At $150 million, the threshold to enter into an IFA is much lower. Using the same ratio as Roy Hill, a construction project with 150 workers worth $150 million may see about thirty positions covered by an IFA. Applications for these contracts will require detailed estimates of workforce and local training. A majority of these workforces will be drawn from people already in Australia, and negotiations will clearly stipulate the number and type of occupations. The contracts will attract serious attention in Senate Estimates, creating pressure to ensure any agreement is limited in its scope.

I estimate between ten and fifteen of these agreements will be signed in the twelve months after the ChAFTA is finalised. The government will want to show that the process works and won’t want it to be subject to ongoing controversy. If the fifty agreements signed between September 2013 and February 2014 continue to represent the trend, then those ten to fifteen Chinese IFAs would be around 10–15 per cent of the total number of agreements signed.

If an average of thirty migrants per contract is in the ballpark, this will see between 300 and 450 workers extra entrants to Australia, equal to about 0.8 per cent of the expected total number of 457 visa grants for that period.

There are substantial unknowns here, and these unknowns are driving the campaign against the ChAFTA. If demand for IFAs exceeds what is expected, for example, this will signal that the threshold investment level is too low. If the number of workers per contract is significantly higher than existing contracts, this will also signal something is amiss.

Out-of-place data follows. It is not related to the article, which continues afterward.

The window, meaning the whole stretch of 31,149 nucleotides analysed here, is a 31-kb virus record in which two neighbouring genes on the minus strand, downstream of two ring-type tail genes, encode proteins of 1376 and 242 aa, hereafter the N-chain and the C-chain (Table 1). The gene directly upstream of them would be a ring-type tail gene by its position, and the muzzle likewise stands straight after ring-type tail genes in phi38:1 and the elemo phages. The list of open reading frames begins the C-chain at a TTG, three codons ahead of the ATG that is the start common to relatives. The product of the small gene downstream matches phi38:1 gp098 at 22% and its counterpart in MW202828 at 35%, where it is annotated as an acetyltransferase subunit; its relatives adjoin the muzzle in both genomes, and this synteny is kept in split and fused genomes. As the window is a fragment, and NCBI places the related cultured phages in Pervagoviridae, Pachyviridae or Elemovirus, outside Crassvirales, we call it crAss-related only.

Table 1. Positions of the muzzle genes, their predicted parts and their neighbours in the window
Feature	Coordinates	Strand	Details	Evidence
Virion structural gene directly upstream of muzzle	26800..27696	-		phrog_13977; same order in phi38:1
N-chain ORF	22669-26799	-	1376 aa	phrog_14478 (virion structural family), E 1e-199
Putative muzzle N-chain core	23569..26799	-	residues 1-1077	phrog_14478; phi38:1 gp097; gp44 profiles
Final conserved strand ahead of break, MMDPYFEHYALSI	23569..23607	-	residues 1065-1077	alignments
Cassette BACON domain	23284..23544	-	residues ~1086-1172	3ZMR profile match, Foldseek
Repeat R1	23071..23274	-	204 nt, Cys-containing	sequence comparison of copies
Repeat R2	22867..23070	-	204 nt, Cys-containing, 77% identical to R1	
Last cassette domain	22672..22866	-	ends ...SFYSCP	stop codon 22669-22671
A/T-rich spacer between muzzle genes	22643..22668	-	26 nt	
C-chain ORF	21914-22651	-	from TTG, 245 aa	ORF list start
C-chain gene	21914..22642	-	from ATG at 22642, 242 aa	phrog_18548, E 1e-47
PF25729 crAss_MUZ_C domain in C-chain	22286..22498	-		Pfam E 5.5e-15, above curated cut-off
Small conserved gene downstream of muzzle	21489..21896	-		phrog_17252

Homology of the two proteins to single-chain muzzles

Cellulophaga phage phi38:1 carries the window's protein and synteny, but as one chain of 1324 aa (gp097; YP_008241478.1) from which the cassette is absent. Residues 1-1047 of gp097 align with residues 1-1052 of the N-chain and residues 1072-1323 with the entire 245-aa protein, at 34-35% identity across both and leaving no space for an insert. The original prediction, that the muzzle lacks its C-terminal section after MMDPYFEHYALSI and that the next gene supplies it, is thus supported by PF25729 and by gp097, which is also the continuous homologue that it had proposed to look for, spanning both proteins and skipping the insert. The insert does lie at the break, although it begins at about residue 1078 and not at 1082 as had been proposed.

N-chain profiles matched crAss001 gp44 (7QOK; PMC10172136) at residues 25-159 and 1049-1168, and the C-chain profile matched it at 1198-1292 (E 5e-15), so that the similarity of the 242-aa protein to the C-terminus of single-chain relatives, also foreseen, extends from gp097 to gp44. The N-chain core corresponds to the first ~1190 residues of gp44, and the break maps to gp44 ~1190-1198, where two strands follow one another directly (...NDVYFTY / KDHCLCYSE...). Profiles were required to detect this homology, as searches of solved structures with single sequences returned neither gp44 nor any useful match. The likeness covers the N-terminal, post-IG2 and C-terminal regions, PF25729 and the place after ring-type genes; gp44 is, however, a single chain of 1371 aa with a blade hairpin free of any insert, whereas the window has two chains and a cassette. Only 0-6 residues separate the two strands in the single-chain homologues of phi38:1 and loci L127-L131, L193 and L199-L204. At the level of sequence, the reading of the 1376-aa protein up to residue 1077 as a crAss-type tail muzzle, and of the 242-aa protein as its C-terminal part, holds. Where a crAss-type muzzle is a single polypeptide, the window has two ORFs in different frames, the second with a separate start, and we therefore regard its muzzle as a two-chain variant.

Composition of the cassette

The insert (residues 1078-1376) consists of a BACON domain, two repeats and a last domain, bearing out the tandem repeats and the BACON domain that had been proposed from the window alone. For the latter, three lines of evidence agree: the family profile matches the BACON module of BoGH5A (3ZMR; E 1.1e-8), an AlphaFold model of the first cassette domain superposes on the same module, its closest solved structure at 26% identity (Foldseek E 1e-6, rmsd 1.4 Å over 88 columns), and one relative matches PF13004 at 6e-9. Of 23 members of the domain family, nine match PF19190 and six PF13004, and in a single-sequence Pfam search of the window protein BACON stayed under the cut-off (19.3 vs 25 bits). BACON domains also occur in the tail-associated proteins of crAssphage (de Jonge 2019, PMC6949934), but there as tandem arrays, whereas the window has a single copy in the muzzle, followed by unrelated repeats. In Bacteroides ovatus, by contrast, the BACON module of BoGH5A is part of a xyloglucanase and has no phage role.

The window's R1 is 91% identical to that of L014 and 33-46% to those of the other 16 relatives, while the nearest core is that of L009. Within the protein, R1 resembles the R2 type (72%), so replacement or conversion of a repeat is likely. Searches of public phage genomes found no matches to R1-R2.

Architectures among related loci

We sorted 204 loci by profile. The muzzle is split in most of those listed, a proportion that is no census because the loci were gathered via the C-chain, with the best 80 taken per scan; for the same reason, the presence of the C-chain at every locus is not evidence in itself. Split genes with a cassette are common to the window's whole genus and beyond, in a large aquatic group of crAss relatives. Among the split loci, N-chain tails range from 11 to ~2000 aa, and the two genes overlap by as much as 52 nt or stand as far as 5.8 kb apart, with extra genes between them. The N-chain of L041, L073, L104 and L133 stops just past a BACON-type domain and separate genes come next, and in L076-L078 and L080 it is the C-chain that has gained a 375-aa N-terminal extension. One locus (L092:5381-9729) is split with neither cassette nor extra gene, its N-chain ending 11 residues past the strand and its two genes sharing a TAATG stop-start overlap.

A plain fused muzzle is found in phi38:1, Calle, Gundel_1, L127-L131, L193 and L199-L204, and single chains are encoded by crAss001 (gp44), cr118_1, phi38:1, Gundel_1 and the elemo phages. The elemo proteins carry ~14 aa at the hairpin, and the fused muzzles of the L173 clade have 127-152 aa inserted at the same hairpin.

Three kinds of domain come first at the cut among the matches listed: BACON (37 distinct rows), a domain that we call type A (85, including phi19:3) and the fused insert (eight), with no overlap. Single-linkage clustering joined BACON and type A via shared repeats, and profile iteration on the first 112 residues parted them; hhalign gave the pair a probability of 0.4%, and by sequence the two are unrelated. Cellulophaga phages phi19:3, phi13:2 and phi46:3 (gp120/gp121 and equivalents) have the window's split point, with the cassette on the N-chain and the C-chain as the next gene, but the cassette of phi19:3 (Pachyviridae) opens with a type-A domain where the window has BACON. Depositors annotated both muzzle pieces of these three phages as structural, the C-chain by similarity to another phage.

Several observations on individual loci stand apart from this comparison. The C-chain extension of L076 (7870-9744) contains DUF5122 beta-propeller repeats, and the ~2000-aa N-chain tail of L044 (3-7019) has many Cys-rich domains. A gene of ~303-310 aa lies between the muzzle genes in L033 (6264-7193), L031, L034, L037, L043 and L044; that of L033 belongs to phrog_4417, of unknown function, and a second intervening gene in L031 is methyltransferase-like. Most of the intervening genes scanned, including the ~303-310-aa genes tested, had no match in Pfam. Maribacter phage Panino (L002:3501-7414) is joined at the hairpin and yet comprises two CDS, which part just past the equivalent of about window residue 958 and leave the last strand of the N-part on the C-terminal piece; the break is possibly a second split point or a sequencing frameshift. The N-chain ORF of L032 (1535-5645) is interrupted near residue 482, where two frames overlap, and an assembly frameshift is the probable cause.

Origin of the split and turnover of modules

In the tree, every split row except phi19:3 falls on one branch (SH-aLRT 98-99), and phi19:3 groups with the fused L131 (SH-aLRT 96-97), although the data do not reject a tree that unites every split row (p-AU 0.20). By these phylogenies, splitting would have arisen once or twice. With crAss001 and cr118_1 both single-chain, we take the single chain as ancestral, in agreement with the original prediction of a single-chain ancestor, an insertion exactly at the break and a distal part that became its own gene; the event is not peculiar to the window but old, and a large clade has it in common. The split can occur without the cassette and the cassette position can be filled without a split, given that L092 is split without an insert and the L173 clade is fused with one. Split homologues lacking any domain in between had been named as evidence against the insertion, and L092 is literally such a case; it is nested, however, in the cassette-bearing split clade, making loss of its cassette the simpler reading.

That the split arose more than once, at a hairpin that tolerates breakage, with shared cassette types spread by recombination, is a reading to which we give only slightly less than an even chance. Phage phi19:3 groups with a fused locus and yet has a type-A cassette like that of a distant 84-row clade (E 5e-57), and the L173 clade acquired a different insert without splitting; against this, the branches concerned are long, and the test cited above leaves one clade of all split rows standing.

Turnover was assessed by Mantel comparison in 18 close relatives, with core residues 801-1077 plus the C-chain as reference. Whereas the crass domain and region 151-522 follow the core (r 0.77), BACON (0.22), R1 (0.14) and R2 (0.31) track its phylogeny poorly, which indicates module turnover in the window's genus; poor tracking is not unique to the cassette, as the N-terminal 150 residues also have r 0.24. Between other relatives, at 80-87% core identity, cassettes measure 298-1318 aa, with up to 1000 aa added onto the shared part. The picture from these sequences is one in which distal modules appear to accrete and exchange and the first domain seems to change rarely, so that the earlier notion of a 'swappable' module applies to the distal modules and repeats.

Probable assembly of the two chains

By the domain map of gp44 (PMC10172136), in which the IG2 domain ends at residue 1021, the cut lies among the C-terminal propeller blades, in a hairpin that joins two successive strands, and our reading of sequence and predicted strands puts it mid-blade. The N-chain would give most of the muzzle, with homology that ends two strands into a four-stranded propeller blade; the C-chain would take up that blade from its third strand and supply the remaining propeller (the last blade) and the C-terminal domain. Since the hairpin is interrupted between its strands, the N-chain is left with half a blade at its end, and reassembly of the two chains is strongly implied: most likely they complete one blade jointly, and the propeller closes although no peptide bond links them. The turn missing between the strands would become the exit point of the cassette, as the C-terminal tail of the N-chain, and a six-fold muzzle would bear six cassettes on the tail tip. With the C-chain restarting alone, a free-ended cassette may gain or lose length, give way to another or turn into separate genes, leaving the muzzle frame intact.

The only radical change in the ChAFTA is the side letter on the working holiday program. Australia will provide 5000 places to young Chinese citizens to work and holiday in Australia. Given that a total of 239,000 visas were granted to working holiday-makers in 2013–14, this is a relatively small number.

But among Australia’s thirty-plus bilateral agreements governing working-holiday visas, this is the first to my knowledge that doesn’t give Australians reciprocal rights. While a small number of Chinese citizens will be able to work and holiday in Australia, no Australians will be able to use similar visas in China. The working holiday program should be about cultural connections and building links in a global world; ChAFTA sets a worrying precedent.

A strong campaign is being waged against the ChAFTA. Rather than being xenophobic or racist, it appears to reflect self-interest or confusion over the complexity of the proposed migration regulations, or both. The result is a widespread perception that millions of work-ready Chinese people are waiting to jump on flights to Sydney. Nothing could be further from the truth. The vast majority of changes outlined in the agreement are standard policy proposals associated with free-trade agreements or a continuation of existing policy. •